Seasonal Stereotypes

Christmas food parcels, composed of non-perishable, donated goods and distributed to elderly people by local school children.  Are these a good idea or not?  Do they encourage  relatively affluent youngsters (and their parents) to take a moment to consider those less fortunate than themselves?  Or does it just reinforce the notion that the elderly are needy and incapable?  Is it patronising, or even downright insulting to appear, unannounced, on someone’s doorstep bearing a bag of food items that make the Ready, Steady, Cook quickie bag look like a well-considered shop?

Amber went off to school this morning planning to buy her “contribution” on the way there.  I suggested tinned soup and small jars of jam (more stereotypes?) but, really, I feel uncomfortable about the whole exercise.  As a very new school parent, I once offered to accompany a group of primary school children as they handed out their festive bounty.  It was possibly the most excruciating experience I’ve ever had as a parent (and that’s saying something).  The reaction of the recipients varied from confusion, through embarrassment to barely concealed disappointment that we weren’t somebody else. 

I fully support the notion of reminding children that some people are not as fortunate as they are, but there must be a better way to do it.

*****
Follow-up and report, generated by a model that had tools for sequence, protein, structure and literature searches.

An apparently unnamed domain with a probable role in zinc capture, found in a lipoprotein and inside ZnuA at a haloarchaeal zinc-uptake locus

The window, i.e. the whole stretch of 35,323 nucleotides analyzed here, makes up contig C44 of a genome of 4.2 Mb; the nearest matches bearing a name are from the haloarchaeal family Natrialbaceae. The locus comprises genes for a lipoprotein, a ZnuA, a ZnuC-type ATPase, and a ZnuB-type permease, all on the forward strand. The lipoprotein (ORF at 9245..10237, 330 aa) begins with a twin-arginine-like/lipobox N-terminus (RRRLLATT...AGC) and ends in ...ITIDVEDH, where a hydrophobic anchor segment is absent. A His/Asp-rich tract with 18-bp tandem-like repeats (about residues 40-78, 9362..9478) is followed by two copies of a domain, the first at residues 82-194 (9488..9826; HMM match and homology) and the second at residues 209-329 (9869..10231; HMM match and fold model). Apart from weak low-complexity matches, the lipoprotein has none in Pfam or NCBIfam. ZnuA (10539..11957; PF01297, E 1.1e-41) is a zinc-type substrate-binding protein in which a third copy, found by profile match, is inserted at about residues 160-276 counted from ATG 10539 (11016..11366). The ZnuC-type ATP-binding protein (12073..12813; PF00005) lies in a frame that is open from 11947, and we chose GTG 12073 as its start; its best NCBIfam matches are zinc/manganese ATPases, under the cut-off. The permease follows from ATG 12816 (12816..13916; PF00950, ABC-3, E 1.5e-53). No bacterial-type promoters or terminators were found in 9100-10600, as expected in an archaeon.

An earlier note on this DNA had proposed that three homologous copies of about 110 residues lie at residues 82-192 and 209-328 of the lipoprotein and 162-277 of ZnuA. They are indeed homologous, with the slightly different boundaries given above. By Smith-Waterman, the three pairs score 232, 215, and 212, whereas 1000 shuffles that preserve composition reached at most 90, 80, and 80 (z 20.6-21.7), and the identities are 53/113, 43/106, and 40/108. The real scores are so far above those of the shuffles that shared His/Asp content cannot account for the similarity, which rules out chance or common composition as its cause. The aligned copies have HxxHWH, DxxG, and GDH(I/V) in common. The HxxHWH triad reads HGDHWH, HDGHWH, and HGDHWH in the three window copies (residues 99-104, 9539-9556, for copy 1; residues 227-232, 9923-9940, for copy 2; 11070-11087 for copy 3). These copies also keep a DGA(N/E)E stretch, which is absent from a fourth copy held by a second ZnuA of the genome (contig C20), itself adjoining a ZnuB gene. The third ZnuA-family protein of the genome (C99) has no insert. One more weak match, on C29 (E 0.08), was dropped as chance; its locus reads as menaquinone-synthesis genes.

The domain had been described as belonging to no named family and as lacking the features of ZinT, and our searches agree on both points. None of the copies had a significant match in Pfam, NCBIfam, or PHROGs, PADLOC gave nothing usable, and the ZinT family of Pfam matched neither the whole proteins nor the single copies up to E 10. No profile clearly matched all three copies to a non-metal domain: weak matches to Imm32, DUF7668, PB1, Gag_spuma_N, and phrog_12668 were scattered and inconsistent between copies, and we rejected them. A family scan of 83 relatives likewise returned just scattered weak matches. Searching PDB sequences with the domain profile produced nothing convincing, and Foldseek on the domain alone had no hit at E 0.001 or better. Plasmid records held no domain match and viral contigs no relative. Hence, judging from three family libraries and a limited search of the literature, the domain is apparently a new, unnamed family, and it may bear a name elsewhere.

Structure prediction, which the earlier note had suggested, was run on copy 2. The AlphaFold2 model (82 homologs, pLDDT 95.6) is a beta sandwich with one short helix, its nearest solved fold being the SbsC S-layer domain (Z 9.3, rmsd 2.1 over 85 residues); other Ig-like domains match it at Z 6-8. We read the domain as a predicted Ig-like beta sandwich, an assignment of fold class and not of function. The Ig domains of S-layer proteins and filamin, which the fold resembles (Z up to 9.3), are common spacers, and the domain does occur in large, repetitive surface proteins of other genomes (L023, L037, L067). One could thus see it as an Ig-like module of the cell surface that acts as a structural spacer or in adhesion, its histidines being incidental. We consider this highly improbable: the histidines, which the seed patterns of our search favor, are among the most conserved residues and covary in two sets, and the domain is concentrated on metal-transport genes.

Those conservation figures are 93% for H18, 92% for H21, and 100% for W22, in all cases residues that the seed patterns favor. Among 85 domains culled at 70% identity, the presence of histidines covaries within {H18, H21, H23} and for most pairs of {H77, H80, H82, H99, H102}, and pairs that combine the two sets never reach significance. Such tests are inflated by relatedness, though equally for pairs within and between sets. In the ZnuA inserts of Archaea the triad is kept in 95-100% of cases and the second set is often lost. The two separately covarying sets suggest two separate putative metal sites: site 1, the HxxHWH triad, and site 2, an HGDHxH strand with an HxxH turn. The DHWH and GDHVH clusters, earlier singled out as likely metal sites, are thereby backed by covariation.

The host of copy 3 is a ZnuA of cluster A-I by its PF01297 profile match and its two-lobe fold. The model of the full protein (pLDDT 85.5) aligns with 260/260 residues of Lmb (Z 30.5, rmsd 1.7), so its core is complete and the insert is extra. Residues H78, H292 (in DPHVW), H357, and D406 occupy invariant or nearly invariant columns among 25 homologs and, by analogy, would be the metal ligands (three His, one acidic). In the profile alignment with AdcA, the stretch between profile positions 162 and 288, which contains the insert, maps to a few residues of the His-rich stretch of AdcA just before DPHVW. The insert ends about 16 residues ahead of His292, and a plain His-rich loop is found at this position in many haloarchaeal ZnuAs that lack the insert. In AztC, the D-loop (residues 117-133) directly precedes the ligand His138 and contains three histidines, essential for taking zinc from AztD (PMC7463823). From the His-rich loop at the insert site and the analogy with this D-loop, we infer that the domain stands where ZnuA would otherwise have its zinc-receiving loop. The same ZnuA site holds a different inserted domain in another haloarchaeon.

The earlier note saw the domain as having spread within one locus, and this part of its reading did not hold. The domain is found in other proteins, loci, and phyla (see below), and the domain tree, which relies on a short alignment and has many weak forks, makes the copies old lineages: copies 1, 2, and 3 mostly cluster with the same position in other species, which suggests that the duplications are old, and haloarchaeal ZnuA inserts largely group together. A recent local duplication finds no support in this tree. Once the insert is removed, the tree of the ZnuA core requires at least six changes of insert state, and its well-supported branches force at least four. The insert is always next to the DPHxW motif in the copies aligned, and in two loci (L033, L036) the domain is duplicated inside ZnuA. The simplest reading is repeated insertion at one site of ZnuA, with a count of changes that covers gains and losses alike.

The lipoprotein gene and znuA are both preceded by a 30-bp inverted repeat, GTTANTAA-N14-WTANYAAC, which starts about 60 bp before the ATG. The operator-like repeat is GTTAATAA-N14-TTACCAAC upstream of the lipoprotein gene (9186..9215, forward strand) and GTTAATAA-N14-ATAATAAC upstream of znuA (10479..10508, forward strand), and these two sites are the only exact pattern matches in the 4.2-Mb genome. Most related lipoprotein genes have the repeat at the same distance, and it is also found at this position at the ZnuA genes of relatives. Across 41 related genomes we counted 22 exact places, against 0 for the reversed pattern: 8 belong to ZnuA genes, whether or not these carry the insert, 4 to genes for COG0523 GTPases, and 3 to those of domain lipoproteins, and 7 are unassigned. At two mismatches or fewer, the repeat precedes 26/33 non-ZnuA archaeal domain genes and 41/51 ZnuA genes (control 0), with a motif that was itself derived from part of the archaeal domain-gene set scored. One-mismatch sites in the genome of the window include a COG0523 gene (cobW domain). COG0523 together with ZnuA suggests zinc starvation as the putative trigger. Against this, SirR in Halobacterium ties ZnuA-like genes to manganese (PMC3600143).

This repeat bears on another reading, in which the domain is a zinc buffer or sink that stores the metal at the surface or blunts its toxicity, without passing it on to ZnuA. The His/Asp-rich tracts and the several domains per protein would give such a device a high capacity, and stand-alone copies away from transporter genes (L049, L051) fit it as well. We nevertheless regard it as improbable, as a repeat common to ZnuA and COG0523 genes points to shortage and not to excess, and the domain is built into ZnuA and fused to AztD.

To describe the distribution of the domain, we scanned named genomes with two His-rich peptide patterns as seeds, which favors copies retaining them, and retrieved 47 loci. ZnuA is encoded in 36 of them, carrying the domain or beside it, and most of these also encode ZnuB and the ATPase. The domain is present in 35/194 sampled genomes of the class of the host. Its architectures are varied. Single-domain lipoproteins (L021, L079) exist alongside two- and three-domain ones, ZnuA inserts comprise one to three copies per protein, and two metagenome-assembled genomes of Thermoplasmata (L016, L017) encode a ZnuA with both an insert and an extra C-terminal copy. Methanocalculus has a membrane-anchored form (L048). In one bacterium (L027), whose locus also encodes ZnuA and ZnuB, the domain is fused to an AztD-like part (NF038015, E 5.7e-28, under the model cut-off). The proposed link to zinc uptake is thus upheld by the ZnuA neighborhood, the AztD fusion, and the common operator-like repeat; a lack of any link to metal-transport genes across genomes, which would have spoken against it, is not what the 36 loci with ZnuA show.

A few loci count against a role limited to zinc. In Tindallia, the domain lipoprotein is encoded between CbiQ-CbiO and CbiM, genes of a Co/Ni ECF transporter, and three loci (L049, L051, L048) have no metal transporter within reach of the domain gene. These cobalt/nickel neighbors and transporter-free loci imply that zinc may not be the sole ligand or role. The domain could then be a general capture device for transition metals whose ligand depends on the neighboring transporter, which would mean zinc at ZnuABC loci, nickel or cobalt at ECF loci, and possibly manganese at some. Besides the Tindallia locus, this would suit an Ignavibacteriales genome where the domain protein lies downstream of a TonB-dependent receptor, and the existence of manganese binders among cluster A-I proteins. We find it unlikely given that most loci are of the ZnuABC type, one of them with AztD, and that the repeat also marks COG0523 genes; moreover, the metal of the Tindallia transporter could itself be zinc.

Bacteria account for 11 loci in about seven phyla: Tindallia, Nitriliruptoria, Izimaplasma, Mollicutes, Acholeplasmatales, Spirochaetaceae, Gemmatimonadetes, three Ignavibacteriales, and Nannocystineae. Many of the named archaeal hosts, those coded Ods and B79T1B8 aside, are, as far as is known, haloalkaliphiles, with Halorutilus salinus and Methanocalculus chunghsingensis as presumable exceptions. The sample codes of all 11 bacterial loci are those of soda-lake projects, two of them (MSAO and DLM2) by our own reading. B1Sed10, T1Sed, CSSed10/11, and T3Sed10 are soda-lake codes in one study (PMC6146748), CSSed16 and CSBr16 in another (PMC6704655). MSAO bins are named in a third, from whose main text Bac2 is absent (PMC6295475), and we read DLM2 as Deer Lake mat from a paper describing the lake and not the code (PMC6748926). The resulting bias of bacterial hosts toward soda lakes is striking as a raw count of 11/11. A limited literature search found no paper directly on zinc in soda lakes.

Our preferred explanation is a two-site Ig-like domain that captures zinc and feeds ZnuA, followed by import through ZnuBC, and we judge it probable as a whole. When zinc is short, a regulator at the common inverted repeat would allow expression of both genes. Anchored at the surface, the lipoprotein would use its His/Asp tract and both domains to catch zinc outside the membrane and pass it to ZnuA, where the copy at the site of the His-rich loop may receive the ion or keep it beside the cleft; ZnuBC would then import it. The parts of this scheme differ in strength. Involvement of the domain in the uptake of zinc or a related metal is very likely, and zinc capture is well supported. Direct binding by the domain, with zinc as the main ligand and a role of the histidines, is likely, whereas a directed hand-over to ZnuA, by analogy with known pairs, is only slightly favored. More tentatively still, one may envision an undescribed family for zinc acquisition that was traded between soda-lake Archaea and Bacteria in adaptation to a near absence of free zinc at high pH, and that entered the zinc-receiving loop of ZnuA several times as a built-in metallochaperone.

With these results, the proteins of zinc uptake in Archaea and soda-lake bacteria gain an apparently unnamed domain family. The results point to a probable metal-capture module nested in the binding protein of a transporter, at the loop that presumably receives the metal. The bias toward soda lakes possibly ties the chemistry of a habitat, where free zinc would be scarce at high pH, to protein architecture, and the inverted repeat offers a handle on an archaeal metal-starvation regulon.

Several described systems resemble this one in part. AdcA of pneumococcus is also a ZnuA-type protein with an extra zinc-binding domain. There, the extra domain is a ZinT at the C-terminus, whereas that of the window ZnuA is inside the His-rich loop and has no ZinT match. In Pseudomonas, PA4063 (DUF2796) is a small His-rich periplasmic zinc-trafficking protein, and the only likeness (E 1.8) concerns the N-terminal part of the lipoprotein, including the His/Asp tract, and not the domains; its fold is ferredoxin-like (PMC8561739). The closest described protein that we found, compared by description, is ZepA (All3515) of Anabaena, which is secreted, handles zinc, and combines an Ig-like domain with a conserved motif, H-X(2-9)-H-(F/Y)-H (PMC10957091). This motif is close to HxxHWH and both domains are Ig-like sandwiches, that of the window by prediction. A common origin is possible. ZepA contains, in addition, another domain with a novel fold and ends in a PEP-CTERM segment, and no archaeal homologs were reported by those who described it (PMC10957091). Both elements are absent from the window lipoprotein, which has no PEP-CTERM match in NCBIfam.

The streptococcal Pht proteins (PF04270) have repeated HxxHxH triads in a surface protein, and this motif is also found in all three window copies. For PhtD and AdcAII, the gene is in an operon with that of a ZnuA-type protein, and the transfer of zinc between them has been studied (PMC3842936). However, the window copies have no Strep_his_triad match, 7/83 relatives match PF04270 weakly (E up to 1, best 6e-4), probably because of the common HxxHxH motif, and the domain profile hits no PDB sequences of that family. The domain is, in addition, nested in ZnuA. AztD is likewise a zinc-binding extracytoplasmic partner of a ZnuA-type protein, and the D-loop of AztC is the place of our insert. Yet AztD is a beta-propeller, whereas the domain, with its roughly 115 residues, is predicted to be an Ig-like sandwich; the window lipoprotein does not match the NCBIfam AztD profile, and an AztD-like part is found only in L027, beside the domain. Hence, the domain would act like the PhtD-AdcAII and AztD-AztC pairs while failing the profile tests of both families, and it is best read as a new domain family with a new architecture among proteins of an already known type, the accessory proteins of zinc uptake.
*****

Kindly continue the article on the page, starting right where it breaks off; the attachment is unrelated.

Today’s festive favourite is Little Miss Dynamite herself

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2 Responses to Seasonal Stereotypes

  1. annie says:

    Blimey. That does sound excruciating. At ours, they donate tins etc to a local homeless hostel for Harvest Festival instead.

    barely concealed disappointment that we weren’t somebody else… – aw, that’s sad. Sounds like they might be more lonely than hungry. Couldn’t they invite them to a school concert or something instead?

  2. Marsha Klein says:

    Actually, Annie I realised after I’d written that it sounded sad, but the lady in question was actually a very well- heeled, fit and active home-counties type who was waiting for her son and daughter-in-law, who were due back from South Africa. She looked vaguely appalled to see me and my band of little urchins, one of whom was her grandson (he’d nominated her – God knows why!)

    The one that nearly did make me cry was the old man who kept repeating “Is this for me?” in a bemused fashion, over the most ill-assorted collection of groceries you ever saw in your life.

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